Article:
I have been thinking about Yoko Ono. She turned 81 recently—the announcement was accompanied by an image of the Imagine Peace Tower in Iceland, a stunning example of her peace activism. She also recently appeared at the Grammy celebration of the 50th anniversary of the Beatles: Ono was in the front row—a guest of honor, of course, because she was married to the late John Lennon. The video caught Ono dancing, the tone of the commentary more of caricature than admiration for a woman, although forever attached to John Lennon and the Beatles legacy, who is a remarkable artist and peace activist. Yoko Ono, as a woman in her 80s who is creating, contributing, and advocating, is an incredible example and role model for women of all ages.
From a feminist perspective, I am bothered that Yoko Ono does not receive the cultural regard that she has earned through a lifetime of creative and social justice work. While John Lennon is revered for writing the iconic song Imagine, it was Ono who inspired the lyrics and used the concept of “imagine” in her own poetry before Lennon wrote and performed the song by this title. While we tend to see Lennon as a peace activist, it was Ono who experienced war first-hand as a child as Tokyo was devastated by bombing during WWII. I believe that it was Ono who inspired the couple to actively protest war… Here is a little of what I know about Yoko Ono.
My spirit is an outsider, perhaps because I am Asian and a woman as well. There is an organic element in my work that is not easy to understand. My work is just part of my soul, but there’s no linear presentation of it.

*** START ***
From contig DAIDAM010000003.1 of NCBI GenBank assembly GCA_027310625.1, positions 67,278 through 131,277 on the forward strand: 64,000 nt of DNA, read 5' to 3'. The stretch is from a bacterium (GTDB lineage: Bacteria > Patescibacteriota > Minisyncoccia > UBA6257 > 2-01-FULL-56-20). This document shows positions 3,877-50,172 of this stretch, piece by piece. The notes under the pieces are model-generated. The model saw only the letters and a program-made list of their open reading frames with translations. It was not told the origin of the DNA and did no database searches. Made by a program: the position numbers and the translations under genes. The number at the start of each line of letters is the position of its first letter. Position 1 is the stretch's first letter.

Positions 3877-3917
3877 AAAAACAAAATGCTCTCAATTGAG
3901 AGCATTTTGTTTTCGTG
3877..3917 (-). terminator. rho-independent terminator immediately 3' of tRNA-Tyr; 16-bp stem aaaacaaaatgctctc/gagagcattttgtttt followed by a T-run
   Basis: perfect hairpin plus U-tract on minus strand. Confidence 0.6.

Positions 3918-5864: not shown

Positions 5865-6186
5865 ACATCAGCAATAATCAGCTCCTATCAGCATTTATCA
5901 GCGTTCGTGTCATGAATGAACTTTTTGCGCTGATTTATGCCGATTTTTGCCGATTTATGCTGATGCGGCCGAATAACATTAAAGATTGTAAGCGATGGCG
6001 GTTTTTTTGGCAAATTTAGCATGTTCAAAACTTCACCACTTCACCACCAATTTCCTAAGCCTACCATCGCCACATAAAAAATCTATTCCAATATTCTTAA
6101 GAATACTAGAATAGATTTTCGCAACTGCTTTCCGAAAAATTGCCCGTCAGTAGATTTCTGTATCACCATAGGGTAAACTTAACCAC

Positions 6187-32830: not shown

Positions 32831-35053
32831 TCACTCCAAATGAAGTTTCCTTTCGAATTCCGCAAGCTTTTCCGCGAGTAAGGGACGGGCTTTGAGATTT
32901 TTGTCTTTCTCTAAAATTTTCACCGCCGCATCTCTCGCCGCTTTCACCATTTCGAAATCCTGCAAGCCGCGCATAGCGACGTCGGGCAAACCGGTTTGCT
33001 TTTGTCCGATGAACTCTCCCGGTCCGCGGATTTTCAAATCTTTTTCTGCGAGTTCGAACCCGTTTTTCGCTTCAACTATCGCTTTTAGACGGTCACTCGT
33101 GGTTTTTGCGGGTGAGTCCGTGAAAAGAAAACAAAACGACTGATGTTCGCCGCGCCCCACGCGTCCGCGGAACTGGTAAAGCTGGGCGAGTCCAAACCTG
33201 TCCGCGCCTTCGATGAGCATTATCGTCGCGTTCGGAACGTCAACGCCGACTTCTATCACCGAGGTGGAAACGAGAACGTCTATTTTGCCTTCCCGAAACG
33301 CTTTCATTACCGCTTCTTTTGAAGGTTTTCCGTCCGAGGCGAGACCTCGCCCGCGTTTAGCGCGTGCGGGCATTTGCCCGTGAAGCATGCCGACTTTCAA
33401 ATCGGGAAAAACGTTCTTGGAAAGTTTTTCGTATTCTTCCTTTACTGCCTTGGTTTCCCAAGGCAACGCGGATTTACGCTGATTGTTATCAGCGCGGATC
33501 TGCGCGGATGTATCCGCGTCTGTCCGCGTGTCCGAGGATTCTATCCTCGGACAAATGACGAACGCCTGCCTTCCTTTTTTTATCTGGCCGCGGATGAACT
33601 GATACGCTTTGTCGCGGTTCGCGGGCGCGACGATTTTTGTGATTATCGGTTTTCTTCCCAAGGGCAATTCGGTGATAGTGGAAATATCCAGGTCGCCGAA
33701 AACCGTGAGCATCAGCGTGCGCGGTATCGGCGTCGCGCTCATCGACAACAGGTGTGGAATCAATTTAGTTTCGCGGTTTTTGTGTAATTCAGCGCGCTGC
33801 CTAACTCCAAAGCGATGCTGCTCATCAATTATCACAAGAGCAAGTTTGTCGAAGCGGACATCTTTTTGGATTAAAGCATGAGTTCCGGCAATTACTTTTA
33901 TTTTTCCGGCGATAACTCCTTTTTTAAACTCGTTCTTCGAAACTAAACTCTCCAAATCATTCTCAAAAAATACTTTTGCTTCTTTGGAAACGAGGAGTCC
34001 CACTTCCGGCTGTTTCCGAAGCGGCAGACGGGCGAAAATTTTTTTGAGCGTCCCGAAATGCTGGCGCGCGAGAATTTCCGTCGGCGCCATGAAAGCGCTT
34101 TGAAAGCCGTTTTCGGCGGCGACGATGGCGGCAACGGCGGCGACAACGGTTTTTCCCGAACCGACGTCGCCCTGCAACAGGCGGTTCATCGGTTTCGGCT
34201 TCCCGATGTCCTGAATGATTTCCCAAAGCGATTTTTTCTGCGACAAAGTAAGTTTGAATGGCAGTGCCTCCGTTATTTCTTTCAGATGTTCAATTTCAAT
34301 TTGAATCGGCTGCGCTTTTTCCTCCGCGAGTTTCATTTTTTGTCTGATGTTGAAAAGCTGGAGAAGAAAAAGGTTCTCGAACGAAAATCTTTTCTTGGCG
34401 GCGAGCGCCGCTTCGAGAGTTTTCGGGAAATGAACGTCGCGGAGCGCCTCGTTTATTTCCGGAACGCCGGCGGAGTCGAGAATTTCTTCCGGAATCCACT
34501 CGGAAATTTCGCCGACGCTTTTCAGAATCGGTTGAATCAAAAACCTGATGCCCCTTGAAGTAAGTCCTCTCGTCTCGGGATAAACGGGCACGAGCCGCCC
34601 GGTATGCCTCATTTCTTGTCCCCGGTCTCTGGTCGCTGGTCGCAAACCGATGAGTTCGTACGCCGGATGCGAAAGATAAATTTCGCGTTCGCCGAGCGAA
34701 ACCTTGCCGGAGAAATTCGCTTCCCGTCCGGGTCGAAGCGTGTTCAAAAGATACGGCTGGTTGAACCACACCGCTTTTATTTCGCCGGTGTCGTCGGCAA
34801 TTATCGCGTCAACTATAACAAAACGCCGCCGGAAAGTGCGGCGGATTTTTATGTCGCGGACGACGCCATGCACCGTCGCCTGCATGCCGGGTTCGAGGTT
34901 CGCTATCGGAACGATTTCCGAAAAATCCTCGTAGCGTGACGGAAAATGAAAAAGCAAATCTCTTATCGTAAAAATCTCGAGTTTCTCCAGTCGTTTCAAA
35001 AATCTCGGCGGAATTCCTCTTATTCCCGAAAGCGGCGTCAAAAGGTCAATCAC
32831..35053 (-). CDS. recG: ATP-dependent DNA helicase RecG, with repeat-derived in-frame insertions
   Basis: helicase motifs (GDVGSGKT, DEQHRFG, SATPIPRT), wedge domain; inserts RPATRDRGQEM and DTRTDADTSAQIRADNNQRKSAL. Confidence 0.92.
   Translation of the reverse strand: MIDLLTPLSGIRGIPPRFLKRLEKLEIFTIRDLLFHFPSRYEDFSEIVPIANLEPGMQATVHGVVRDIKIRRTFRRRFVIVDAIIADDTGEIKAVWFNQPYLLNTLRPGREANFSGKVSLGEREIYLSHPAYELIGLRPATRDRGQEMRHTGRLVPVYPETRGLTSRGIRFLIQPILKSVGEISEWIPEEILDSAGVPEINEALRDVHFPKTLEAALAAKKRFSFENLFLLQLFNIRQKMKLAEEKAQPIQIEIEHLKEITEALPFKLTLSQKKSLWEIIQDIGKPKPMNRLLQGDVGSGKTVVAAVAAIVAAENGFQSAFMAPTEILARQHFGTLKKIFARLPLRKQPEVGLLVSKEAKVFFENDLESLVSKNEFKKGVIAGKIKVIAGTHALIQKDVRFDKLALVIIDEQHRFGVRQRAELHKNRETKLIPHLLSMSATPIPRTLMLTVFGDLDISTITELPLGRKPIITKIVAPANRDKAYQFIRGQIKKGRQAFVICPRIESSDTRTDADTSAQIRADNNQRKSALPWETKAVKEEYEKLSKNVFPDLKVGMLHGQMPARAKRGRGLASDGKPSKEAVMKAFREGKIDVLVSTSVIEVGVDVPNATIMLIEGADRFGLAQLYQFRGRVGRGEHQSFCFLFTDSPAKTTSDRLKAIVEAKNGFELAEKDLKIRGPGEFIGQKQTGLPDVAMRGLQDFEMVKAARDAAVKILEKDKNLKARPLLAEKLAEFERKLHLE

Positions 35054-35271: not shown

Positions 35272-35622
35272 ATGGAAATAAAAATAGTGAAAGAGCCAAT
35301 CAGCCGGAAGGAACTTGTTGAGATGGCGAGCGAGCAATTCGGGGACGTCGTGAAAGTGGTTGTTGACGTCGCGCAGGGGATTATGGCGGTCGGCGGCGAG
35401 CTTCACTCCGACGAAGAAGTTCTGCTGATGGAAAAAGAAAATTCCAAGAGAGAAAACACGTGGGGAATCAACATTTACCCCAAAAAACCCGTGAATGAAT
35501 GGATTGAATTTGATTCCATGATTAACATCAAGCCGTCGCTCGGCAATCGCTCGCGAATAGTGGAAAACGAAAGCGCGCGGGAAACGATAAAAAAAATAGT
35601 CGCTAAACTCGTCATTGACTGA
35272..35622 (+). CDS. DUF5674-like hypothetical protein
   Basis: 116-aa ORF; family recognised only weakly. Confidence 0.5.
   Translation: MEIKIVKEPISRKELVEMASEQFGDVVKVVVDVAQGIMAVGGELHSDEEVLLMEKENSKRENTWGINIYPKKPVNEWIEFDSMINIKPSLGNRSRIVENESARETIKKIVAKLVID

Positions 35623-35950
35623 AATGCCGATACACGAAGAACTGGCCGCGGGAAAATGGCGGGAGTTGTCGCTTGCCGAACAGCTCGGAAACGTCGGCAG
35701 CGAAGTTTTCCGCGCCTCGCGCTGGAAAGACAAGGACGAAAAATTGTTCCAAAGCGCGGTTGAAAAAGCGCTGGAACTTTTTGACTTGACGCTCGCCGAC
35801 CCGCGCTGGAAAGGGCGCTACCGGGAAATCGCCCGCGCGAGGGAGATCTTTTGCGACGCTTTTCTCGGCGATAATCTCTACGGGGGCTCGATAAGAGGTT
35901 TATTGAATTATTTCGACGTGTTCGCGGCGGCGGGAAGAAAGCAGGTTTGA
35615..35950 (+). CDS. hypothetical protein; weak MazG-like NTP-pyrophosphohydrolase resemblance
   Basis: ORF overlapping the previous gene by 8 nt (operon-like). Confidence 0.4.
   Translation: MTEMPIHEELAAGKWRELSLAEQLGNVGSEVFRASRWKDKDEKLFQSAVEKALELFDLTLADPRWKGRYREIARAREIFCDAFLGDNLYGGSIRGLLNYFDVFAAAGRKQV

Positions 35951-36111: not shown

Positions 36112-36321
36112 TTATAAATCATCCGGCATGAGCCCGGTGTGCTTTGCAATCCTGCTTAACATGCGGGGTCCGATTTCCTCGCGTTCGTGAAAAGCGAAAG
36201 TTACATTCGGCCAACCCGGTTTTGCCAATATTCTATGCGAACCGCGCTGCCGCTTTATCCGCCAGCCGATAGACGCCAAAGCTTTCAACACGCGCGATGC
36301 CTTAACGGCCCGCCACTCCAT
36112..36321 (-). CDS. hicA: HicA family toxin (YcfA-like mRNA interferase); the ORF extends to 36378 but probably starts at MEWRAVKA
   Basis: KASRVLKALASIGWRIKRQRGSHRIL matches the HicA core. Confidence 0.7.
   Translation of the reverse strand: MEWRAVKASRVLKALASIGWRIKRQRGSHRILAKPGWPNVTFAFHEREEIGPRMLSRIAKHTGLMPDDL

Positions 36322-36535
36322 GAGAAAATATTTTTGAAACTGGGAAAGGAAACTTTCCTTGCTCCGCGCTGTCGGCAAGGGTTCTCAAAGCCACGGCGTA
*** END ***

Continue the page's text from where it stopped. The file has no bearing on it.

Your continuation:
When I make music or artworks I’m not really in control, because I’m just passing on messages in my mind.
My works are always unfinished, because my art is an ever-changing process just like life itself… I have never believed in definite things. (Yoko Ono http://www.a-i-u.net/helsinki/html)
Yoko Ono was born in 1933 in Tokyo, Japan. Her first name, Yoko, means “Ocean Child.” Yoko literally grew up bi-culturally: her father (an accomplished pianist) gave up his career in the arts and became a banker in Tokyo, working also in San Francisco and New York. Yoko, with her mother and siblings, lived in Japan and the U.S. in the early years as she was growing up. Yoko’s family lived within the upper class elite in Tokyo. As a young child she attended an elite school which was only open to members of the imperial family and she was schooled at the prestigious Jiyu-gakuen Music School, the educational site for many Japanese composers. Yoko learned classical piano and composition, received voice training in opera, and remarkably performed her first concert at age four. According to her online biography, Yoko found the context of her privileged family to be “stifling and lonely” and knew, from a young age, that she would forge a unique path for herself. Although her parents were quite liberal by Japanese standards of the times, they were “too narrow-minded to Yoko.” Yoko reflects, “It was very claustrophobic. I would have died on a spiritual level if I had not got away.” Yoko tells of her loneliness as a child, where she would ring for the maid just to have contact with someone: “The maid was not allowed to enter her room, even when summoned: she had to kneel outside in the hall and ask what little Yoko wanted. ‘When she brings the tea, she can come in but not before. The only reason I asked for tea was because I wanted some communication. And so I think that’s where I started to dream. All sorts of things come into your mind,’ she says. Yoko dreamed of breaking out but also of forging new ways of thinking her way beyond her isolation.” (www.a-i-u.net/onolife2.html)